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Places around Bogotá: six reasons to visit Guatavita

Guatavita
Joanna Ruiz

Joanna Ruiz

Journalist and migrant. I have a huge passion for writing and telling stories. I live in Bogotá since 2014. Instagram: joa_ruiz / Blog: leaquealgoqueda.blogspot.com

If you haven’t been to the Guatavita lagoon or to Guatavita, the town, I’ll give you six reasons to do it. It’s an experience full of nature, delicious food and even magic that you won’t forget.

The basics:

Average temperature: 14 degrees Celsius. centigrades.

How far? Approximately 73 km from Bogotá.

How long? Approximately 1 hour 20 minutes – 1 hour 40 minutes.

How do I get there? There are three options to get to the town:  through Autopista Norte, vía La Calera (La Calera route) or Autopista Sopó (Sopo highway). The Terminal de Transporte de Bogotá (Transport Terminal of Bogota)  website can help you find the bus companies that go to Guatavita.

To the lagoon:

If you go by car: Take the Autopista Norte (north highway), and when you reach the detour of Sesquilé, go towards Guatavita. The lagoon is 8 kilometers down the road that emerges on the left after skirting the Embalse de Tominé (Tominé dam). The other option is to take a tour because it’s not easy to get there on public transportation.

Bus price to the town: COP $8,800 / USD $2,8 (approximately).

1. The delicious food:

When I went to Guatavita, I had lunch in a very typical and nice restaurant called Don Pas. There, I had one of the most traditional dishes of the town: la trucha (the trout). It was huge and I almost couldn’t finish it, but it was so good that I made an extra effort to eat it all. If you like to please your palate, you have reason to come to this town. Besides the trout, you can also have Mute, a soup with different type of meats, Cuchuco, another soup in which the main ingredient is the wheat, or lamb. There are some drinks you can also enjoy there: the corn Chicha and the Masato, which is made of corn and ibias, a kind of tuber. If you don’t know what a tuber is, think of one of the most common foods in the world (potatoes).

Places around Bogotá © Photograph by Joanna Ruiz Méndez

2. The Guatavita lagoon:

The Laguna de Guatavita (Guatavita lagoon) is a must see go in Colombia. It’s funny because it’s not located in Guatavita but in Sesquilé. There are three things I like about this experience. First of all, if you want to get to the lagoon, you have to walk a route that is surrounded by an amazing landscape. Second, the lagoon is absolutely beautiful. Three, some sources point out the Laguna de Guatavita as the place where the El Dorado myth started. Isn’t that cool? After you visit the lagoon, I recommend you visit Guatavita, the town, to have the whole experience. This is a full day plan, but you can also stay if you want to enjoy the town to the fullest.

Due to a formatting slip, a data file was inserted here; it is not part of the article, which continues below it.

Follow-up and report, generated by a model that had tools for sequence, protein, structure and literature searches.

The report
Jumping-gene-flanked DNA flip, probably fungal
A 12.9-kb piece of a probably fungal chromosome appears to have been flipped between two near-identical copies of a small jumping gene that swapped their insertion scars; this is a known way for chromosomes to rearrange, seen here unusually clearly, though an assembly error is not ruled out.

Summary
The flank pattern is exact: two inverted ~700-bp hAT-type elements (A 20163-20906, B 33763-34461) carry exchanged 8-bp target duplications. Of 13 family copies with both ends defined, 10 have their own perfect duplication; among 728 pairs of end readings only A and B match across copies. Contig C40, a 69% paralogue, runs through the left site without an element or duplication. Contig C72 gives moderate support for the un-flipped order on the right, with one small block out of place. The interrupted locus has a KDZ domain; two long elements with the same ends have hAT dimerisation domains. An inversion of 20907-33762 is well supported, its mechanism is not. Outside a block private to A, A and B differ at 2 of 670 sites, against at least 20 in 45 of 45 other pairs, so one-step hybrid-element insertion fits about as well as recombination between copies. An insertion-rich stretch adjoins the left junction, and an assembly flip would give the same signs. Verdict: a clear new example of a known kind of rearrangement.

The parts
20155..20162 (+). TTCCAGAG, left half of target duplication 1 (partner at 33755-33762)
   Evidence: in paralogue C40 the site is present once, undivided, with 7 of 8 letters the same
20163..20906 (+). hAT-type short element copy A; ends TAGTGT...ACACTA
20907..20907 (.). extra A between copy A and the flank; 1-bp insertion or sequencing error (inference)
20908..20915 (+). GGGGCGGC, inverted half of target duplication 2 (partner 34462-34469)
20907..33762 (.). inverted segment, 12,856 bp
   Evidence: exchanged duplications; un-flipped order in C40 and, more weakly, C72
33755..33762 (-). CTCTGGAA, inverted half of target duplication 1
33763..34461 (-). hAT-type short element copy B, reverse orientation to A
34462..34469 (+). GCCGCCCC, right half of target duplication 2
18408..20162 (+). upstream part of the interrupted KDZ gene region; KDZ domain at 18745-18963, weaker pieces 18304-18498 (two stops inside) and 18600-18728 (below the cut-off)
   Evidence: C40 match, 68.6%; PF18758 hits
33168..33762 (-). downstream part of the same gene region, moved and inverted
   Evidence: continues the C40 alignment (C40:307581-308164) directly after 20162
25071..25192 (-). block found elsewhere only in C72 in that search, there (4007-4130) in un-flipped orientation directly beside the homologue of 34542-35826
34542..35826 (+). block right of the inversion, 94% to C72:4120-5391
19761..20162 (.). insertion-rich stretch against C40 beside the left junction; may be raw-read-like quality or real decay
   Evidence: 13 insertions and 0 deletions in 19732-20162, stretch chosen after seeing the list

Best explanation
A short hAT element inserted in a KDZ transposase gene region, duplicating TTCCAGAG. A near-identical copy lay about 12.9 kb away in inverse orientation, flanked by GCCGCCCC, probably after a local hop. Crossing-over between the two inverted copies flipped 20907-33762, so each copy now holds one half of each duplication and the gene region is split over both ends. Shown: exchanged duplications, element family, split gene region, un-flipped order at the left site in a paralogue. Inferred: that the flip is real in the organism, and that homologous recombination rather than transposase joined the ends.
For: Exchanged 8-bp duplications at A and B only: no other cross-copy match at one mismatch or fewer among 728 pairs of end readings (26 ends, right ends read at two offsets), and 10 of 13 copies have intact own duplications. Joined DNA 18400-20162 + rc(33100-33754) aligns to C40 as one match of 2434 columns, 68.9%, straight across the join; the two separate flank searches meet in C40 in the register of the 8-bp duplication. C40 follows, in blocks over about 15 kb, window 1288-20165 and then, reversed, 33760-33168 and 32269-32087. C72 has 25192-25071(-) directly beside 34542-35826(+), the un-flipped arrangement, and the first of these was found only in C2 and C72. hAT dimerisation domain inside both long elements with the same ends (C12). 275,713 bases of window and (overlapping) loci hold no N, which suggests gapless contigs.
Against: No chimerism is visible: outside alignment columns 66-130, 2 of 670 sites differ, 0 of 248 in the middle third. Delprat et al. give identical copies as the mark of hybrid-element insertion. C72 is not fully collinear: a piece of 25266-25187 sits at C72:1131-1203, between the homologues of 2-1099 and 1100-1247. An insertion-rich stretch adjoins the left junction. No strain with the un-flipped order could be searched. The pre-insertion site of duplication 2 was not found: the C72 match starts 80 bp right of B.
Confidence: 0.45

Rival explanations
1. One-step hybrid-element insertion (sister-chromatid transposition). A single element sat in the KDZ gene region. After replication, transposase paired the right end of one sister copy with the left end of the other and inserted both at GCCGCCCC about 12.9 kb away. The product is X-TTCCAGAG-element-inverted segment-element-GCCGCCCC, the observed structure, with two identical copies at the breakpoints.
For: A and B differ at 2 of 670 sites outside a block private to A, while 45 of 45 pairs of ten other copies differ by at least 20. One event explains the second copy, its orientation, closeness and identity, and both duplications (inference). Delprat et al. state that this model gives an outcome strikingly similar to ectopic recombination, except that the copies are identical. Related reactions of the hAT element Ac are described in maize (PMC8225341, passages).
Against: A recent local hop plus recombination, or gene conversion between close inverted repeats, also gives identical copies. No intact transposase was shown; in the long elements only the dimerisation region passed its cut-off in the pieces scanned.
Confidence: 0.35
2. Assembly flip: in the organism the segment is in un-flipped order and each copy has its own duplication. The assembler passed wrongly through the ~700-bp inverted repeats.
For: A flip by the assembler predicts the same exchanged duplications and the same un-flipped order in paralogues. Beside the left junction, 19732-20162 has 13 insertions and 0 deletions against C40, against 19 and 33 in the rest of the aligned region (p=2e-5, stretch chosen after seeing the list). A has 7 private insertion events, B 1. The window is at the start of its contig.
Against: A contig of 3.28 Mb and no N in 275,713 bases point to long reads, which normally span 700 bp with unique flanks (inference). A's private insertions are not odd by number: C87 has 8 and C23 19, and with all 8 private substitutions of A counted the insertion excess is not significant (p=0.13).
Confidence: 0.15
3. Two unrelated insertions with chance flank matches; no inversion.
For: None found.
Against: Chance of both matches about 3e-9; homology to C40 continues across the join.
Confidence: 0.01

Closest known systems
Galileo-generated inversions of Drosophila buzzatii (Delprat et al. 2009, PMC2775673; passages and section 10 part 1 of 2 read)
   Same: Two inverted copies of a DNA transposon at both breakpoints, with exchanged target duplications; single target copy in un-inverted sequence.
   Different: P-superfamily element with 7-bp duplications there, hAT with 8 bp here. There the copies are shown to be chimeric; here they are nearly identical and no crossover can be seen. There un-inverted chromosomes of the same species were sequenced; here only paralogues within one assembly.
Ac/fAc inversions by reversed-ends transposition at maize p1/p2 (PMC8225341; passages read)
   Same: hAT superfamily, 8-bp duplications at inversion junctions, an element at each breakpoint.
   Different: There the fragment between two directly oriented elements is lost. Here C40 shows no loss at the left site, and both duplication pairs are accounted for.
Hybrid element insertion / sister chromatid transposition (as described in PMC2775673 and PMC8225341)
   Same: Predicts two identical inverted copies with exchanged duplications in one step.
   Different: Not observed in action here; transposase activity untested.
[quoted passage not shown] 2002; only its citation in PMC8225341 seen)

3. You will learn about history:

The Museo Indígena (Indigenous Museum) offers information about the Pre-hispanic times and it will help you understand the history of this territory. It has two rooms: in one of them, you’ll learn about the rite around the lagoon that helped to create El Dorado myth. In the second one, there are ceramics and utensils related to the Chibcha culture. It’s worth the visit if you want to know more about Guatavita´s fascinating past!  
Places around Bogotá
© Photograph by Joanna Ruiz Méndez
 

4. The crafts are beautiful:

The town is known for its crafts and the artisans that offer their work at the Craft Center. Scarves, caps, gloves, sweaters… you can find a lot of traditional crochet clothing in Guatavita. They are made with acrylic yarn or with virgin wool and they are so colorful and look so comfy that you won’t probably won’t be able to resist buying something.

5. The picturesque architecture:

Guatavita has a nice vibe and that’s because of its architecture. It sets you in the colonial times and it has some details that serves as a reminder of its Pre-hispanic heritage as well. However, it wasn’t always like this. The town you will visit is often called the new Guatavita because the old one that existed from the 15th century disappeared under the water during the Sixties.
Places around Bogotá
© Photograph by Joanna Ruiz Méndez

How did it happen? In order to build the Tolimé dam for the purpose of improving the economy of the Bogotá savannah, it was necessary to flood Guatavita. That happened around the year 1967.

A new town was built and the inhabitants were relocated there. The spirit of the old town was still alive in certain details such as the white houses, clay tiles and wooden doors.

6. Outdoor activities are within easy reach:

Horseback riding, camping, ecological walks, paragliding and other outdoor activities are an option here. Some of them can be done near the embalse de Tominé (Tominé reservoir) and others on the reservoir such as windsurfing and sport fishing. You can also go to the Cerro Montecillo y Montecilla (Montecillo and Montecilla hill) and walk up to its peak to have a beautiful view of the town.

Are you ready to visit Guatavita and enjoy its nice vibe? Tell me your experience when you get back! Have you been there? Share your experience in the comments section below!

Keep visiting Colture for more information on other nice places you can visit near Bogotá!

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